The following selection of products offer reliable end-to-end corporate IM. The first three clients are from the largest public IM vendors, followed by some other vendor offerings. Although space restrictions prevent me from providing a lot of detail about each product, you can visit vendors' Web sites to learn more.
Enterprise AIM Services. Announced in May 2002, AOL's Enterprise AIM Services (http://www.aim.com/get_aim/enterprise/enterprise.adp) was among the earliest corporate versions of a personal IM client. When deployed with the AIM Enterprise Gateway, Enterprise AIM Services keeps internal traffic inside the network. The gateway, which starts at $34 per seat, lets network administrators control IM use by user and group and includes routing and auditing capabilities. Enterprise AIM Services lets you store content centrally and scan it by keyword, date, and contact name; AOL promises that in the near future you'll be able to encrypt traffic that leaves the local network if the receiver also uses Enterprise AIM Services. VeriSign will provide digital certificates for this product.
Yahoo! Messenger Enterprise Edition. Yahoo! Messenger Enterprise Edition (http://enterprise.yahoo.com/messenger) uses128-bit encryption and Secure Sockets Layer (SSL) for secure communications. The client can communicate with LDAP-enabled directories for user authentication. Yahoo! Messenger Enterprise Edition provides centralized client management and lets administrators force users to use antivirus software. Yahoo is targeting first quarter 2003 as a general release date; pricing wasn't available at press time.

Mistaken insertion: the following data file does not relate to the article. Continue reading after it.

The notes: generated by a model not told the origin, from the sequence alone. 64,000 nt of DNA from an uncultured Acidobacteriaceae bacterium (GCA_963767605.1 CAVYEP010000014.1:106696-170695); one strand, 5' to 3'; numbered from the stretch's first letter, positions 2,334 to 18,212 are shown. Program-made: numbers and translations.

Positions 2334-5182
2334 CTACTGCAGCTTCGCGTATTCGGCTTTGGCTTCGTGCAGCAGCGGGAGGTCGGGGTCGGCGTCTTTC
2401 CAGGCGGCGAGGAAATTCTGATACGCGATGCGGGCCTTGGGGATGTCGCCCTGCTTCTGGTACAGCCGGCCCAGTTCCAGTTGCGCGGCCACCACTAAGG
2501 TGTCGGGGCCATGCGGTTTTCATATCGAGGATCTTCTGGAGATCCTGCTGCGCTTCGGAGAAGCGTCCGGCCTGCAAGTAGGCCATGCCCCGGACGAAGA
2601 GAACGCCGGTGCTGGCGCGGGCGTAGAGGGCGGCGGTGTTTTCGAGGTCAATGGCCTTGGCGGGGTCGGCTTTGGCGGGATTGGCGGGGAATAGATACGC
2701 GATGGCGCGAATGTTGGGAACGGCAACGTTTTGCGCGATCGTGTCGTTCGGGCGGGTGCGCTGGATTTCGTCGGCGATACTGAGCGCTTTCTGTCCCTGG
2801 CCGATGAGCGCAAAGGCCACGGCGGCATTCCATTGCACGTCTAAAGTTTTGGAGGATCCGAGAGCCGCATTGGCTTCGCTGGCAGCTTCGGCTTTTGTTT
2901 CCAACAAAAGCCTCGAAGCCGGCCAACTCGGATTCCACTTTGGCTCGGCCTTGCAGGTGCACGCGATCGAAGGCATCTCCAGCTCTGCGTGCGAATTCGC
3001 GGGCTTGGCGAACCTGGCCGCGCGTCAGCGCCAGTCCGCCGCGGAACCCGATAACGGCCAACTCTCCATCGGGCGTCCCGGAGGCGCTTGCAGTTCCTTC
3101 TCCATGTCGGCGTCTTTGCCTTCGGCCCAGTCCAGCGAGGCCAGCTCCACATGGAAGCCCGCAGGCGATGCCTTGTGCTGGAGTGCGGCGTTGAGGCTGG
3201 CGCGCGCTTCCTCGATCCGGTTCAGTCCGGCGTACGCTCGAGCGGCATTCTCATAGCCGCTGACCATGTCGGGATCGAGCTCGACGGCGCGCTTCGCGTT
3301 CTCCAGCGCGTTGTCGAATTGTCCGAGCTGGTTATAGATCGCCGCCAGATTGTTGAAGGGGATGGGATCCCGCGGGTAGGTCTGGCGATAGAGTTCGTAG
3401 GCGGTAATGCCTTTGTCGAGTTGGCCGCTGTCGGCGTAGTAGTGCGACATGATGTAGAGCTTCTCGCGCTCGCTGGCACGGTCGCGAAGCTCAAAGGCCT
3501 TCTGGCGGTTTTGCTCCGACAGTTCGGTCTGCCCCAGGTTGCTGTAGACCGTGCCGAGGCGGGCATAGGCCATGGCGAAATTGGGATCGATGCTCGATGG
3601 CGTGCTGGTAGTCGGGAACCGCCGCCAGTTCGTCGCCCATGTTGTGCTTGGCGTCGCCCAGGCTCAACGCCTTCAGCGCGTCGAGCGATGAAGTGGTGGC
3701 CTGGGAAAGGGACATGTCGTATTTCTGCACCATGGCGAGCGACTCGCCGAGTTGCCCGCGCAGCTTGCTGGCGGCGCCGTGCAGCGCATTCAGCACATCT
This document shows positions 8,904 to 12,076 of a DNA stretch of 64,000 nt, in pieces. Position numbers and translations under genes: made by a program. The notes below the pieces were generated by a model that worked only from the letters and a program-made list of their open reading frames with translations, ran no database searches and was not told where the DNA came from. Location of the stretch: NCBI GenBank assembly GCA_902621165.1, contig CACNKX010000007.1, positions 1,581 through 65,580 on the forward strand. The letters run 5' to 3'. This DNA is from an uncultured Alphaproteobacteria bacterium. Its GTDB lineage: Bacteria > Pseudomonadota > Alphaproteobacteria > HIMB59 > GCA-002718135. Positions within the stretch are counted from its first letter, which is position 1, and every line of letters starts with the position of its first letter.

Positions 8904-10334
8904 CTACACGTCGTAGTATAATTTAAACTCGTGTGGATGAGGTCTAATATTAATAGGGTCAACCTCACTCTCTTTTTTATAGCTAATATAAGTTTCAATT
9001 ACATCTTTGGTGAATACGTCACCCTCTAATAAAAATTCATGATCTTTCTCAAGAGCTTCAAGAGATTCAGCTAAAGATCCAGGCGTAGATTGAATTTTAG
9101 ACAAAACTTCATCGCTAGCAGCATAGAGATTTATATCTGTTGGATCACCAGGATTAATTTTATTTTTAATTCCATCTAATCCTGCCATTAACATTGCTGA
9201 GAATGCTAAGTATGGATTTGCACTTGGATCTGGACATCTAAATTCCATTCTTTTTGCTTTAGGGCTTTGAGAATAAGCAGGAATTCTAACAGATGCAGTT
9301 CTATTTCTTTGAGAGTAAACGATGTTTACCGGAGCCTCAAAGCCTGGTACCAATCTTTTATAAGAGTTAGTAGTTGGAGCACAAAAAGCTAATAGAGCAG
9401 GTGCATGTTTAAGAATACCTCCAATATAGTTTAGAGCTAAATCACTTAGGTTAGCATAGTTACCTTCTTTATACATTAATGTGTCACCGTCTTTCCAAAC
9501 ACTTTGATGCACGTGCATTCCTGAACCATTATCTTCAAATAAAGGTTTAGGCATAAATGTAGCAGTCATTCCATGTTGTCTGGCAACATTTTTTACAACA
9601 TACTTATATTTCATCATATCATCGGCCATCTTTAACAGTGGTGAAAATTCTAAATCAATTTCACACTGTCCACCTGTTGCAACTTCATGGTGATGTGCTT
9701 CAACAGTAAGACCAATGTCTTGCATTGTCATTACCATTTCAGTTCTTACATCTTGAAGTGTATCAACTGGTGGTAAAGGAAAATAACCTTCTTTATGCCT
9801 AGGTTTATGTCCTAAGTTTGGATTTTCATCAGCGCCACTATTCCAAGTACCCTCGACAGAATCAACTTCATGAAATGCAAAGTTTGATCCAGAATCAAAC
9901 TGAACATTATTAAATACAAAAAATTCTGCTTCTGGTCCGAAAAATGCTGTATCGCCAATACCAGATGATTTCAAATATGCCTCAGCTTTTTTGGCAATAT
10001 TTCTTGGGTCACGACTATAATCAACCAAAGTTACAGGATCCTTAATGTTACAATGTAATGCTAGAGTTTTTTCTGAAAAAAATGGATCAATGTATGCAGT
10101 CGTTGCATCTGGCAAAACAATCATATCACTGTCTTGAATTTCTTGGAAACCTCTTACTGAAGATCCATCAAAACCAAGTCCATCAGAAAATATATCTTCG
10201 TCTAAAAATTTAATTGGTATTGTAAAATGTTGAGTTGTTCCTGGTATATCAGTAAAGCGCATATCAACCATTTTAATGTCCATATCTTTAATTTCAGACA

Microsoft clients. Although Microsoft has had nearly a dozen chat offerings over the past decade, Windows Messenger and MSN Messenger put the company on the map in the IM market. Microsoft already has a corporate IM solution, Instant Messaging Client for Exchange 2000 Instant Messaging Service, that lets users chat locally or over the Internet. You can administer the client as part of Exchange. Microsoft Exchange 2000 Server's IM feature doesn't offer encrypted communications, however.
Currently scheduled for a first quarter 2003 release, Microsoft's next-generation IM platform, MSN Messenger Connect (http://www.microsoft.com/net/services/msn_messenger_connect.asp), will work with the Exchange 2000 IM client, Active Directory (AD), and Microsoft SQL Server databases. Although Microsoft hasn't provided many details, MSN Messenger Connect will offer most of the same features as the AOL and Yahoo! offerings but will also leverage Microsoft technologies, such as AD, SQL Server, and Exchange. The price should be about $24 annually per user, with volume discounts available.